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J. Searle Dawley
When she discovers that a slave named Pharon professes his love for her, Cleopatra makes a bargain with him: she will give him ten days of "love," at the end of which he is to commit suicide. He agrees, although the queen's handmaiden Iras, in love with the slave, isn't happy with the arrangement. Later when Cleopatra is seducing Marc Antony, her relationship with Pharon is used against her, but with little effect. She allies herself with Antony against Octavius, participates in a brief war, then meets her end rather than be subjected to Roman rule. Written by
Ron Kerrigan <email@example.com>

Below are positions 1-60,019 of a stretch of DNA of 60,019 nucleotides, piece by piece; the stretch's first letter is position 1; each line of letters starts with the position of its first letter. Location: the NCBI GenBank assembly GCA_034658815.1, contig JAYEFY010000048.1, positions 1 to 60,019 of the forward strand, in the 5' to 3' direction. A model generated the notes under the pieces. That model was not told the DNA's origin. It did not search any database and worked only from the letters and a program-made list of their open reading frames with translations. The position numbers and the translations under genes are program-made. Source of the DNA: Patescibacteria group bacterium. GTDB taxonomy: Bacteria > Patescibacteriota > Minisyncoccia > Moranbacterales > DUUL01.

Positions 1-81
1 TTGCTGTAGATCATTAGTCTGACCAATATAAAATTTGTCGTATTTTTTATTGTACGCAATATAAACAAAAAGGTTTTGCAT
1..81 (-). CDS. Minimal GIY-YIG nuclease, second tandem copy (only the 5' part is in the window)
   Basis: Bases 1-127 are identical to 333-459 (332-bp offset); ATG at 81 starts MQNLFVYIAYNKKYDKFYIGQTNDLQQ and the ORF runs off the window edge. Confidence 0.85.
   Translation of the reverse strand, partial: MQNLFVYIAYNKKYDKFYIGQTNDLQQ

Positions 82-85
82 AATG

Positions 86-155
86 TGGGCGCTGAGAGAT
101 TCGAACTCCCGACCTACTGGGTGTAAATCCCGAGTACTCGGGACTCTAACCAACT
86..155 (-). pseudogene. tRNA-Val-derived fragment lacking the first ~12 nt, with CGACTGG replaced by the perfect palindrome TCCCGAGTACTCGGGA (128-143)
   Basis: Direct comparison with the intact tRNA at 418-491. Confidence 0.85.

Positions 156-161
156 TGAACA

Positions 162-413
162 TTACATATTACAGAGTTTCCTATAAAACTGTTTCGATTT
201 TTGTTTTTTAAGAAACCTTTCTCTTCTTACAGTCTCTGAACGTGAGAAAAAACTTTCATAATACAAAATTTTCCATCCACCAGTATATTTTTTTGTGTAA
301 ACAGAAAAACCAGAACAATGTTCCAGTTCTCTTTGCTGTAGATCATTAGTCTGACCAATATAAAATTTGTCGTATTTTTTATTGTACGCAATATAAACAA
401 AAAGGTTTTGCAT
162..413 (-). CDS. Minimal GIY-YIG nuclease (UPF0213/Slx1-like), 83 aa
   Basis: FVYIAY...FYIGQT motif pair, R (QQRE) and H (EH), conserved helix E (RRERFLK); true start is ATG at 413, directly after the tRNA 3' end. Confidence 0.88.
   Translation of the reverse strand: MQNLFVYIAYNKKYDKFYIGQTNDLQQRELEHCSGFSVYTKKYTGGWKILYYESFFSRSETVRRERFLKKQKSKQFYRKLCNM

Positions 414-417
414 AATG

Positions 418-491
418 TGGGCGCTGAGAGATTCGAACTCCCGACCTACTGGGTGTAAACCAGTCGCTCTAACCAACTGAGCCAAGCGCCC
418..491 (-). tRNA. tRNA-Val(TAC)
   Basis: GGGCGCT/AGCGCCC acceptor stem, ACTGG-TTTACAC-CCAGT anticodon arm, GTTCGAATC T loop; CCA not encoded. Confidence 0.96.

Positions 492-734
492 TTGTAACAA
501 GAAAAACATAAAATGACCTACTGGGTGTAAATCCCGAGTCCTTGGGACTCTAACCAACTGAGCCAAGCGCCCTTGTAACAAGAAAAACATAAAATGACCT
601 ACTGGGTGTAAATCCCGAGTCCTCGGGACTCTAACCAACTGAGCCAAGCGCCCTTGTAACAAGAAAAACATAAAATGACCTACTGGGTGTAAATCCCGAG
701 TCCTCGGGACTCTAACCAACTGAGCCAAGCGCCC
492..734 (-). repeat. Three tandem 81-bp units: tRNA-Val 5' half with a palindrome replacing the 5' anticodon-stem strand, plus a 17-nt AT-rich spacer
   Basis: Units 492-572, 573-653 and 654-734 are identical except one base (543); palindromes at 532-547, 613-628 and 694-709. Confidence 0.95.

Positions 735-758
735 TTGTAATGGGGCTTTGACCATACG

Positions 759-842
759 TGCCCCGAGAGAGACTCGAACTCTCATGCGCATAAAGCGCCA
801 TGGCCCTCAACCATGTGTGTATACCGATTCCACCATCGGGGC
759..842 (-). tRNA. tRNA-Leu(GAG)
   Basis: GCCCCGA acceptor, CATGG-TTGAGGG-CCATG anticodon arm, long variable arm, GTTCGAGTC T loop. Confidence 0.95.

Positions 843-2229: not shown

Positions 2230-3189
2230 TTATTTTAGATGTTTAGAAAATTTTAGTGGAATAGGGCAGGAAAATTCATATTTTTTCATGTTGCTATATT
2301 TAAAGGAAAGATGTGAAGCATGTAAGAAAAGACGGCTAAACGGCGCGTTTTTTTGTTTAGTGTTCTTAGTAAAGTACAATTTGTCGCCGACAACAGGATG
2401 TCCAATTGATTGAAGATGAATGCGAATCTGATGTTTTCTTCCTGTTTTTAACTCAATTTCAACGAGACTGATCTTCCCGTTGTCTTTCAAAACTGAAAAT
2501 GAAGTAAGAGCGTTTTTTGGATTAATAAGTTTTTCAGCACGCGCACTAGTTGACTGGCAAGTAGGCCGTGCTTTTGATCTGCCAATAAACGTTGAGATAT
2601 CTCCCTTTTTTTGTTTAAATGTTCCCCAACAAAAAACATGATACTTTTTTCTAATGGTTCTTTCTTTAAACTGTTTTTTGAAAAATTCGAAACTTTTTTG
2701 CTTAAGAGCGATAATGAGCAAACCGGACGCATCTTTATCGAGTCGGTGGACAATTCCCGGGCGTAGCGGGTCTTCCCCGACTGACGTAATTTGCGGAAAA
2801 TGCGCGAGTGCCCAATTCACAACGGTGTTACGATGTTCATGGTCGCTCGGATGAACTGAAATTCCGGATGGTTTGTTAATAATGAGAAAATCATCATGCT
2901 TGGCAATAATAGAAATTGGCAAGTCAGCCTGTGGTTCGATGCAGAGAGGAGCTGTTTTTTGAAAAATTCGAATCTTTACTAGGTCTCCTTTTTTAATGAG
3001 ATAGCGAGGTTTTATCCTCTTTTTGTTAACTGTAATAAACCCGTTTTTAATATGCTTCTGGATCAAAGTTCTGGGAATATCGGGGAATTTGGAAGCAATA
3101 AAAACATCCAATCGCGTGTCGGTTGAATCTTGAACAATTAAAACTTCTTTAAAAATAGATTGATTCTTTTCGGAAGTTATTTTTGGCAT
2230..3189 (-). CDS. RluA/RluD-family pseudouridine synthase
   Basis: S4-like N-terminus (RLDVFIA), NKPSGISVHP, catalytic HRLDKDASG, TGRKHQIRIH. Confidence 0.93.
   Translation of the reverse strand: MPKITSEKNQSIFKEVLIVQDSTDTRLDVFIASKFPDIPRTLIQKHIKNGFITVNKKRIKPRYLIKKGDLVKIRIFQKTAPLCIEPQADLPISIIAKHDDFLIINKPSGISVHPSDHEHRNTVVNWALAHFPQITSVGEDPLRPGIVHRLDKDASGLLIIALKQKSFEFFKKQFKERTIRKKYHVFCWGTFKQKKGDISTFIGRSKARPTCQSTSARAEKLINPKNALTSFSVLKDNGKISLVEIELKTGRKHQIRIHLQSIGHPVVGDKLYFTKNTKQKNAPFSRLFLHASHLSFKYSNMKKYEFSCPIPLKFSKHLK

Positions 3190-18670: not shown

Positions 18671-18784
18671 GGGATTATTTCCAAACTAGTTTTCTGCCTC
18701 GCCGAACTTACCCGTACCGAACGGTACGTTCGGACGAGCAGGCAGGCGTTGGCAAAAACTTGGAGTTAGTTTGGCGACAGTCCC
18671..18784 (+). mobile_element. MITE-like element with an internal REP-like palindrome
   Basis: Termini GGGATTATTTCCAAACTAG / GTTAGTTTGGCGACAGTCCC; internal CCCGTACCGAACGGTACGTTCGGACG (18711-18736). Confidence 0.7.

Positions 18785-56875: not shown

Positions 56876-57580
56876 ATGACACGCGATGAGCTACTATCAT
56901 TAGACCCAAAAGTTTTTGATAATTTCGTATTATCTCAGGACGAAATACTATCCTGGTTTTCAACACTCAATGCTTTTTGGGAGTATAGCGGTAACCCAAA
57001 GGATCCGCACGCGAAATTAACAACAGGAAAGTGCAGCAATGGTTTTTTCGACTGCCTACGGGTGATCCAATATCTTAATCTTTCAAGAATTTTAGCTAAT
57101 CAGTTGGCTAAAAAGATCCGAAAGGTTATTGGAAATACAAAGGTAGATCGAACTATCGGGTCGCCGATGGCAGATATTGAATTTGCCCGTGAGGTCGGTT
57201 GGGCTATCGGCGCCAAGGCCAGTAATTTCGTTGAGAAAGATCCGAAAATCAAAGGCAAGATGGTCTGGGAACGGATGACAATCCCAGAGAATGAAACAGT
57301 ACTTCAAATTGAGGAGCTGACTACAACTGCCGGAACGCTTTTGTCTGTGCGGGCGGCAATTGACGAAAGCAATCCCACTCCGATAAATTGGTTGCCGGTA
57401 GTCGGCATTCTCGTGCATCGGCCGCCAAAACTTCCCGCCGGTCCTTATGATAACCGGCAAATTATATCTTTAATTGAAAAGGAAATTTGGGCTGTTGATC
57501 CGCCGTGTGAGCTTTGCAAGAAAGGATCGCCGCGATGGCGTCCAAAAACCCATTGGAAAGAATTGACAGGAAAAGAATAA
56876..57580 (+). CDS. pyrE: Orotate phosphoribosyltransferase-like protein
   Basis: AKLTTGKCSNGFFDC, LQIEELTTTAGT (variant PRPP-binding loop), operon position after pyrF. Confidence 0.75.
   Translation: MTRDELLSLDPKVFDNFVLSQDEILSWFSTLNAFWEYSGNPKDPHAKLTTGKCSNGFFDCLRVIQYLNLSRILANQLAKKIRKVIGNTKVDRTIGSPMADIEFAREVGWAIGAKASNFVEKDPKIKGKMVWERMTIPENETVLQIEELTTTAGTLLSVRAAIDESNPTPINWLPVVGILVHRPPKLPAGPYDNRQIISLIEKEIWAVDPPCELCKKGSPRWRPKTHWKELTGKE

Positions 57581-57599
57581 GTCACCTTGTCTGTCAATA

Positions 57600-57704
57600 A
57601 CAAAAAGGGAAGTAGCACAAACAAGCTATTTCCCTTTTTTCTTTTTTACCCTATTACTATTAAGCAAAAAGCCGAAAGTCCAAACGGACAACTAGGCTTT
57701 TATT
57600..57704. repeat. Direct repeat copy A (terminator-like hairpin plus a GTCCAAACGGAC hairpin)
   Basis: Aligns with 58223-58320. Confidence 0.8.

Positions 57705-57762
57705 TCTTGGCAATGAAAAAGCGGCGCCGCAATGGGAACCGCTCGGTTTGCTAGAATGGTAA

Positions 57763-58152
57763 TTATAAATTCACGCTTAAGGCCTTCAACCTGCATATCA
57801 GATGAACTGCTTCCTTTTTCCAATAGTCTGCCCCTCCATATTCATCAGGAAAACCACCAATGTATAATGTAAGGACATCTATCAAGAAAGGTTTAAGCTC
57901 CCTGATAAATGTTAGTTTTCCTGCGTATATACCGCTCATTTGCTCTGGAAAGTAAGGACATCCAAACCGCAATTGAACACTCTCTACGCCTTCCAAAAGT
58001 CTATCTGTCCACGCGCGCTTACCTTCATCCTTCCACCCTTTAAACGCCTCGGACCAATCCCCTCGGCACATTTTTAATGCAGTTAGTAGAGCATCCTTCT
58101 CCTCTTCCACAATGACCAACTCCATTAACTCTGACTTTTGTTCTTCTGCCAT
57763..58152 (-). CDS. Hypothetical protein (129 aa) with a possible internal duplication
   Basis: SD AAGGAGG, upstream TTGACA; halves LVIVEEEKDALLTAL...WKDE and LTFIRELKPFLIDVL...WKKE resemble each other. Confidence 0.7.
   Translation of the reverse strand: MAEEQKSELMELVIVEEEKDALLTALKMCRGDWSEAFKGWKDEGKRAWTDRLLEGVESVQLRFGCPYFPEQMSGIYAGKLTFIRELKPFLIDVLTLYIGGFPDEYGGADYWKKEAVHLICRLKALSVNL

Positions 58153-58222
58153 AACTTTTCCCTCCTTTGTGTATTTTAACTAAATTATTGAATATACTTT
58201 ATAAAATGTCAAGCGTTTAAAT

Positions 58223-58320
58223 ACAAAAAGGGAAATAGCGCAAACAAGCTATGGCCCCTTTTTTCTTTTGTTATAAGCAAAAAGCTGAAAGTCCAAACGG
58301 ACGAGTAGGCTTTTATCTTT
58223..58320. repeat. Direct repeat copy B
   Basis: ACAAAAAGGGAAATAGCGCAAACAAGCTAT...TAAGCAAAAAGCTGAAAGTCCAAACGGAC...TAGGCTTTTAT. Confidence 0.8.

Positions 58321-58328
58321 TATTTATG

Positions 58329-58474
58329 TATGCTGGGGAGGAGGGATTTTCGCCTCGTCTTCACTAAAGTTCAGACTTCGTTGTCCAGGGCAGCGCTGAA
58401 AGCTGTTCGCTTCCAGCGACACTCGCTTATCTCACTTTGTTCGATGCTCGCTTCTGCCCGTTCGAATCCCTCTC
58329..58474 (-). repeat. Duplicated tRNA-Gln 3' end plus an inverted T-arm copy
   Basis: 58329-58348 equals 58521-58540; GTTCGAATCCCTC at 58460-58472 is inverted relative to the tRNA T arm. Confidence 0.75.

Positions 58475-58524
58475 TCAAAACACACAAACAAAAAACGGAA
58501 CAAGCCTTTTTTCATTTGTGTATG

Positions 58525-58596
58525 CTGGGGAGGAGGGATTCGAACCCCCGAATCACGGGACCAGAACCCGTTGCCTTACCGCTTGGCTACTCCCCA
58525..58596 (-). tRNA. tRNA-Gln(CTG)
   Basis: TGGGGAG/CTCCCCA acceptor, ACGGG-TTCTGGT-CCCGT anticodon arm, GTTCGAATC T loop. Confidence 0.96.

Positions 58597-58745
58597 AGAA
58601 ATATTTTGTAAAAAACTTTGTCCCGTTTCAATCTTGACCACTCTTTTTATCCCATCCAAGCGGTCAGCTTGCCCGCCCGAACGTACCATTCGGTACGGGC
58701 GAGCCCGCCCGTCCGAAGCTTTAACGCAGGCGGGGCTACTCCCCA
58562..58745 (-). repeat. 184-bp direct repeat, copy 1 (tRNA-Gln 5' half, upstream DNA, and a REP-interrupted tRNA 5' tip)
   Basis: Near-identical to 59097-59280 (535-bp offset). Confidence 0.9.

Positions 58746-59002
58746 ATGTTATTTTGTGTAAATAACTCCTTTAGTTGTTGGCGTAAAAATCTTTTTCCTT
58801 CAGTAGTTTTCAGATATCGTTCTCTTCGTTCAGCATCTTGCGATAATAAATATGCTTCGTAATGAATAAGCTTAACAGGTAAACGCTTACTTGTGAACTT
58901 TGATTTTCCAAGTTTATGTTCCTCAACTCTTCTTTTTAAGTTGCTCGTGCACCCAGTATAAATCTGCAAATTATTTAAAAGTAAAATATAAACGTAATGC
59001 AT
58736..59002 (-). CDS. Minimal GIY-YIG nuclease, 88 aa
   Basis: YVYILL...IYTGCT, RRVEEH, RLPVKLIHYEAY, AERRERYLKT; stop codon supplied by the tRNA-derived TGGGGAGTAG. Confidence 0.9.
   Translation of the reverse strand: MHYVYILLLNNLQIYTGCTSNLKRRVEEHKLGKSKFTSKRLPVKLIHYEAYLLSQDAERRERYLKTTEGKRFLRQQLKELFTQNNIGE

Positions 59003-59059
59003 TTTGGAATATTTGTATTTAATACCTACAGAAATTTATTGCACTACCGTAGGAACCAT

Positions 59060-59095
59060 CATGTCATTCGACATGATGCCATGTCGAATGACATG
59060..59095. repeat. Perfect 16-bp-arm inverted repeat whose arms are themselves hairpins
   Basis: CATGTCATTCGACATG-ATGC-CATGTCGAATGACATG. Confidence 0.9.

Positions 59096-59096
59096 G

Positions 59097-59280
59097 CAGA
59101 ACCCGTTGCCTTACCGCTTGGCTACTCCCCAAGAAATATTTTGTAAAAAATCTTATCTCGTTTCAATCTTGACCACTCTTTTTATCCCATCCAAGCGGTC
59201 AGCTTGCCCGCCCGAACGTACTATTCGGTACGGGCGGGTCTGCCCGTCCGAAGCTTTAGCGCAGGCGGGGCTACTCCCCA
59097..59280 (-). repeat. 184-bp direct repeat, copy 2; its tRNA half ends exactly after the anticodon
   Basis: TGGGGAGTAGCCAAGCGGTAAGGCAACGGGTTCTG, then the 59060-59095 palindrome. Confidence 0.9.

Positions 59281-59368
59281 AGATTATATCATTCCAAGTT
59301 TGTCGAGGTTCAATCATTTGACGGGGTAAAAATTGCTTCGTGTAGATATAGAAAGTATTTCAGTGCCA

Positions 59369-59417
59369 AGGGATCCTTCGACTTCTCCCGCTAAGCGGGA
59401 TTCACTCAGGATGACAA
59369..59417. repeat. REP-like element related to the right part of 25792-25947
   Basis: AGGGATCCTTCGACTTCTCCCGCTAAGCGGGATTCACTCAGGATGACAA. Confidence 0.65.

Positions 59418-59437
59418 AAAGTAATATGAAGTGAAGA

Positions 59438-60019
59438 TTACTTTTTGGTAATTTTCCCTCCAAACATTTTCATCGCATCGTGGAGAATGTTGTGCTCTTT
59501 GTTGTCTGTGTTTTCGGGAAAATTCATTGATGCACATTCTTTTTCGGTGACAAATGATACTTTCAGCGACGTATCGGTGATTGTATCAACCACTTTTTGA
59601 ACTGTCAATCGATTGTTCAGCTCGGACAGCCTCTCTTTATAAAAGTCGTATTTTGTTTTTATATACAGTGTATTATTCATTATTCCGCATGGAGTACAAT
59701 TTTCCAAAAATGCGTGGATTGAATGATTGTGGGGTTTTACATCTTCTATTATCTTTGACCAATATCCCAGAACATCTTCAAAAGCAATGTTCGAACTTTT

"Cleopatra" (1912), directed by Charles Gaskill, which premiered on Turner Classic Movies in August 2000, stars stage actress Helen Gardner in the title role. In spite of when it was made (1912), I was prepared to witness a prestigious production handicapped by some overacting and bad camera shots. However, what makes the movie unbearable for me to watch is the really bad sound track that accompanies it: bongo drums, off screen chanting, etc. An organ score would have been sufficient. Presented in correct silent film speed, "Cleopatra" plays at 90 minutes, but again, complaining about the score, made it seem like it runs at 190 minutes. "Cleopatra" was obviously filmed in a studio sound stage, with backdrops moving about like a painted curtain. Had it been done a few years later under the direction of DW Griffith, then possibly it would have become a masterpiece as his 1916 production of INTOLERANCE. But because of that new underscoring (there I go again), maybe "Cleopatra" would have been somewhat bearable. I recommend the present version for insomniacs only.
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